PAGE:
In the Tibetan teachings of the Four Immeasurables, there are practices that actively generate these qualities of compassion, equanimity, sympathetic joy and loving kindness. People from Tibetan traditions have challenged me as to where these qualities are found in Zen. Well, it’s in the precepts, my friends. It’s in the affirmative, generative, creative side of the precepts. Yes, there is a way of not doing any harm, but how active are we in affirming life, of generating states of aliveness? When we affirm life it is a state of mind that is joyful, compassionate, full of equanimity and loving-kindness. As a matter of fact, some teachers say that when you complete your training, your practice of those Four Immeasurables is the only thing that you’re offering. That’s the invitation of the precepts.
When you completely offer yourself, you really find yourself within that offering. Hsueh Tou says, “Though he acted like this, Chin Niu was not good-hearted.” What is the meaning of that statement? Chin Niu does his song and dance with the rice bucket for twenty years not because he’s kind-hearted, or doing good, but because it is the complete expression on the occasion of a meal, of that life, of all those lives.
This is not about that action of joy, the action of practice, the action of living within the moral and ethical teachings. It’s not about right or wrong, good or bad, kind or cruel, deliberate or spontaneous. It’s about reality emerging within those specific circumstances, about joyfulness manifesting within reality. Inevitable joyfulness with no strings attached, no manipulations, no expectations, no debts incurred. It is joyful and it is complete. This is a natural way to live a life.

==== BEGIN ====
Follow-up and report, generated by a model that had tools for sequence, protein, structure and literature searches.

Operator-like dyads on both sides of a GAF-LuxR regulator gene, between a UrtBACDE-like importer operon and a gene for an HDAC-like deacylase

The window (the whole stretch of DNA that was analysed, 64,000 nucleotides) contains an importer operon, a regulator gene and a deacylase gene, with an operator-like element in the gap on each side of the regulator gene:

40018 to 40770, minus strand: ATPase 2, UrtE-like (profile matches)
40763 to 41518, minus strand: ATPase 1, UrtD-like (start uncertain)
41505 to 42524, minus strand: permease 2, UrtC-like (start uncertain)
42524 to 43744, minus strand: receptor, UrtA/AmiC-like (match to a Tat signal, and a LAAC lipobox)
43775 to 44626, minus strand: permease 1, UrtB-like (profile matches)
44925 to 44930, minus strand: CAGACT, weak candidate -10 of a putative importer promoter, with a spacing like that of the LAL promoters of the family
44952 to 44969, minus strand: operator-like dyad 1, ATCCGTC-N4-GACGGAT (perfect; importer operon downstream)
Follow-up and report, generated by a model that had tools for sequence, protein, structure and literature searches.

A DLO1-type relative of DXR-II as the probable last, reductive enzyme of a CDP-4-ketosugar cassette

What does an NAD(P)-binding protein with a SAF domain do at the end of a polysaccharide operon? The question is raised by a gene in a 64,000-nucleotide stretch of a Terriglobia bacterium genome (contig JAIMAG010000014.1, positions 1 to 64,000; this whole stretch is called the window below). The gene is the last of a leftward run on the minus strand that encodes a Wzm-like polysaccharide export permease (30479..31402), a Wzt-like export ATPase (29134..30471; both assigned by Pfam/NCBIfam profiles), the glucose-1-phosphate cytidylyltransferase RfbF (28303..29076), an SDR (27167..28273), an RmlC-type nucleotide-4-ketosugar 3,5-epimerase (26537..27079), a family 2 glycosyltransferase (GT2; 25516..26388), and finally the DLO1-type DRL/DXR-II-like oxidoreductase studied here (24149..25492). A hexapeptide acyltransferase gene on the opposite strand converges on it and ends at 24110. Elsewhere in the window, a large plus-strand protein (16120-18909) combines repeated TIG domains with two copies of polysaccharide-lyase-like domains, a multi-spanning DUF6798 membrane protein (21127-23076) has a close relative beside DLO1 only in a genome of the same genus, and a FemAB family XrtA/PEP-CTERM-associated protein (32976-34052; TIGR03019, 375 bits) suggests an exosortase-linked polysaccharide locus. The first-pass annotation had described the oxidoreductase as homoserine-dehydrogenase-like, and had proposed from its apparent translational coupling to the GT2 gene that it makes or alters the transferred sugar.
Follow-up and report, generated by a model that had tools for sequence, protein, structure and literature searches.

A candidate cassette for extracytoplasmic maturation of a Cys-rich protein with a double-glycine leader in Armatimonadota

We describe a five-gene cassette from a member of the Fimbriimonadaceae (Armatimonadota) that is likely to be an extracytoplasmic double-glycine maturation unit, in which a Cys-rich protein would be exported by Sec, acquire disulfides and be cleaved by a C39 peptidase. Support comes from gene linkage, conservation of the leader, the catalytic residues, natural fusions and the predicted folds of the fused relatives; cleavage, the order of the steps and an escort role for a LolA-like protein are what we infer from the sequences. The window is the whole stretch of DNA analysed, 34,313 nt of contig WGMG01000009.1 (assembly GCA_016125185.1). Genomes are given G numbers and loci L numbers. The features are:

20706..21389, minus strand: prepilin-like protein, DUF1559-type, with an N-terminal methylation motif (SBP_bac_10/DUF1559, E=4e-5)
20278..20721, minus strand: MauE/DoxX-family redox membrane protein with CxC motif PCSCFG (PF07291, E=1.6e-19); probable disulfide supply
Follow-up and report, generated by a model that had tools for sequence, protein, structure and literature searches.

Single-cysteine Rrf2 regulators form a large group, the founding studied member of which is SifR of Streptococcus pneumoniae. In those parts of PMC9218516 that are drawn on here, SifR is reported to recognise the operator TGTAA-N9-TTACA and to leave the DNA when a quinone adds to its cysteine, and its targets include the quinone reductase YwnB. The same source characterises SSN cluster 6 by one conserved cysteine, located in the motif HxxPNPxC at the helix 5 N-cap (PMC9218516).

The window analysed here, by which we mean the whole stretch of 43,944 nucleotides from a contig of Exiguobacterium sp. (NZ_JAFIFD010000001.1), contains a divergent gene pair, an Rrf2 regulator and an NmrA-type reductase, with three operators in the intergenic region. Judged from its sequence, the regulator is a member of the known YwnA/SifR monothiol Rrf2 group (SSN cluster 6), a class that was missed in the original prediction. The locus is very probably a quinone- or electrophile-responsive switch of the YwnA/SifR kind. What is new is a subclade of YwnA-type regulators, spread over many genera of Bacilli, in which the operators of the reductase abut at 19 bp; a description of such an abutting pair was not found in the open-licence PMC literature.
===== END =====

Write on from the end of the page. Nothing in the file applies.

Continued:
We refer to the Buddhist Precepts as the natural morality. It’s not contrived. Nobody is trying to come up with some sort of guidebook of reality. The natural precepts come with dancing and laughing, with bittersweetness and crying, with old age, sickness and death. They come with the recognition that we will hurt ourselves along the way, that we will fall and also that we will get up. We will do this, as the poem says, “Laughing aloud in the shadow of white clouds”—laughing aloud, considering all the facts. Joyfully. Seeing clearly what the nature of this life, these challenges, are all about. Joyfulness in the face of impermanence; joyfulness in the face of this karma. All of it. All of the baggage. In view of all of the imprints of history, of parental love or withholding, of everything that has unfolded and that will unfold. That joyfulness is possible. That joyfulness is inevitable as long as we practice
The Blue Cliff Record, or Hekiganroku is a collection of one hundred koans originally compiled in China by Zen Master Hsueh Tou during the Song dynasty (960-1279 C.E.) and later commented on by Zen Master Yuan Wu.